of the group's system of levies that were installed in new orleans in the gulf coast after katrina. >> people asked about located -- katrina and the rebuilding. not smart to build on an ocean. will the flood-prone areas be redefined, and will reveal did occur outside areas? -- will the rebuilding occur outside those areas? guest: this will be a tricky question going forward. along the jersey shore, and iconic part of their coast, a huge industry for them. they are saying it needs to be rebuilt. there are other places in new york city, mayor michael bloomberg is saying that we need to reevaluate places to rebuild and make sure we move around a little bit. especially with the storm coming at a time when state and local governments are so strapped for money. that is something that is being talked about, and i think there are certain places where you can see development has increased in recent years that may have made flooding worse. this is something you hear anecdotally of the ground. talk to people on staten island where there was very bad flooding. they say 40 years ago the neighborhood ports
that katrina because they spent it on massage parlors and everything you can think of in addition to what was necessary. >> jennifer: that's iowa tea party congressman and crazytown resident steve king. he's one of 11 congressional members who days after hurricane katrina voted against $51.8 billion in relief spending in louisiana and mississippi. and now, just days after hurricane sandy he obviously has not changed his tune. and it is that kind of radical radical/insane thinking that's gotten him into his tightest re-election race yet. the latest ppp poll has him running three points ahead of his democratic opponent, christie vilsack. 48% to 45% in iowa. congressman king is not alone. several of his fellow representatives from tea party crazytown are in the political fights of their lives as well. begin with minnesota congresswoman michele bachmann. she's off the charts in name recognition. she raised $18 million more than her democratic opponent jim graves. her district has an 8% republican registration edge but still sh
. >> this is our katrina. and i expect the people of this state to be treated with the same level of compassion and generosity that the citizens of louisiana and mississippi and alabama were treated in the aftermath of hurricane katrina. >> michael graham told me out on staten island as well. more than half a million households are still without power. 40,000 homes on the rockaway peninsulas. deb fayerick is there and how angry are people? >> people are so frustrated and angry. it's been only 12 days since the storm hit. you're not too far from jfk. that light is basically illuminating a corner. that means there's no heat. boilers can't work. there are no washer triers, no way to charge a cell phone. no way to use a computer to access any sort of outside help, so they feel they're just being cut off here and they cannot understand why atlantic power authority, which is a state-owned company, can't get the lights on. we spoke earlier to couple of people at a rally and they were so frustrated. take a listen. >> restore the power to our community now! now! we're done! >> you know, and you just, yo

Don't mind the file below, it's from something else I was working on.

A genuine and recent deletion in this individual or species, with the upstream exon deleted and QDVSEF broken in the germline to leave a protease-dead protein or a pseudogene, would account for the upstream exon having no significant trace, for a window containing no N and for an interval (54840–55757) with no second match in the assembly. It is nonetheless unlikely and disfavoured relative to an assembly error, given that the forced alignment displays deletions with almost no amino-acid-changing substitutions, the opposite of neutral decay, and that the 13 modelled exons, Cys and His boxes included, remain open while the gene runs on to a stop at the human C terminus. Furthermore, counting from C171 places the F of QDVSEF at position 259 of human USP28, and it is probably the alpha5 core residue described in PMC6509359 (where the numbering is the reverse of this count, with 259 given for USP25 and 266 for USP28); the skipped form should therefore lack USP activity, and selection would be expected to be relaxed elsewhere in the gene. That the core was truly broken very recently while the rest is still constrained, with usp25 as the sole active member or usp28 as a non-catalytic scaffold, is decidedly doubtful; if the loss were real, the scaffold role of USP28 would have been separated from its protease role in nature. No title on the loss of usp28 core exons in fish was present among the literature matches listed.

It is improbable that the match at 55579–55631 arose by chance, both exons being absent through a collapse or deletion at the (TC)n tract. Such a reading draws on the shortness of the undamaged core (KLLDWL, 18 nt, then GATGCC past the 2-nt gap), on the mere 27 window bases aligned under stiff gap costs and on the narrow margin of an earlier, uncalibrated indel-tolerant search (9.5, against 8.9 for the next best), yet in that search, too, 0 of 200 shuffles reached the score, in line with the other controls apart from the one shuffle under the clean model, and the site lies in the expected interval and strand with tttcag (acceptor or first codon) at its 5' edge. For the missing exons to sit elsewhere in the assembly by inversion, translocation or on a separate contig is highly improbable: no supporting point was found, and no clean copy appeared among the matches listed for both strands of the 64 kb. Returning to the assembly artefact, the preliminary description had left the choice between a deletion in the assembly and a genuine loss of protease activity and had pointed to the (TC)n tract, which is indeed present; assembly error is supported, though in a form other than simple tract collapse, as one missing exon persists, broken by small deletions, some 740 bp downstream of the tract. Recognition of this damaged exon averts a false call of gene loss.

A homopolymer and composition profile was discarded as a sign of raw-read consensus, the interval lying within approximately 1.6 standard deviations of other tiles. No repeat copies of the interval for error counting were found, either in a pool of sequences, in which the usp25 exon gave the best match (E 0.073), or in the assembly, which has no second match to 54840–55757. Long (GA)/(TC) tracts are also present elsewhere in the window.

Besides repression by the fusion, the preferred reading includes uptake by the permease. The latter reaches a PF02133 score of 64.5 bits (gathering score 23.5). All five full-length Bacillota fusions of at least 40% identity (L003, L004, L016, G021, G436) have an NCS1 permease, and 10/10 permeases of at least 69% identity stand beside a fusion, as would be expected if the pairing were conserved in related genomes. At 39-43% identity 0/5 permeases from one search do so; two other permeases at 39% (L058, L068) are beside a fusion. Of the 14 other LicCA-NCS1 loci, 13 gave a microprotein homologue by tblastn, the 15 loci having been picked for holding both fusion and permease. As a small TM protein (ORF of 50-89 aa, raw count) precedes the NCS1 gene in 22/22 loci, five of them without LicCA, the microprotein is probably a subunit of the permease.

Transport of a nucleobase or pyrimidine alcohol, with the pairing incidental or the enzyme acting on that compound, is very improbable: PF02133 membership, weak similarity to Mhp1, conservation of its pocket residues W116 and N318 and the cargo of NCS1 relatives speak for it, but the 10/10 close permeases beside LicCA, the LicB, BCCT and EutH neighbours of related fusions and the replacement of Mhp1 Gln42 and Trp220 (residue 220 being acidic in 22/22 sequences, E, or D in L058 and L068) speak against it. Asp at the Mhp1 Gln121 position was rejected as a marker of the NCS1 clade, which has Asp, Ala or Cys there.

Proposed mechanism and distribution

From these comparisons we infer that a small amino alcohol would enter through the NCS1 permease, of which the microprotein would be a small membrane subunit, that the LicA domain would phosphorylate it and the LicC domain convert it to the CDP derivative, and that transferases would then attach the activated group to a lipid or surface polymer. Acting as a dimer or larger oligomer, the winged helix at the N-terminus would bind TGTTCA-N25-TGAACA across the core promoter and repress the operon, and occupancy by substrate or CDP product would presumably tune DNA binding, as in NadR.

into so much more, your husband was sent six weeks for hurricane katrina and it's reminiscent in light of what's happened with sandy. >> absolutely, it's interesting. in 1992 with hurricane andrew, 70% of the support forces were active duty forces and 30% were guard. with hurricane katrina. that flipped. currently with andrew there are 6600 guardsmen deployed to help out with that effort and i think the role of the citizen soldier has just become even more prominent. >> alisyn: well, you're so right and thank you for helping us appreciate the national guardsmen this morning. the book is national guard 101, a handbook for spouses. thank you for joining us. >> thank you. >> alisyn: all right. it's the fallout over the newly passed law in washington sedate that legalizes marijuana. hundreds of people now getting free passes. we'll explain. plus, in honor our troops for veterans day, we've got patriotic painting on the plaza. i'll talk to him about his inspiration next. ♪ [ female announcer ] e-trade was founded on the simple belief that bringing you better technology helps make you a be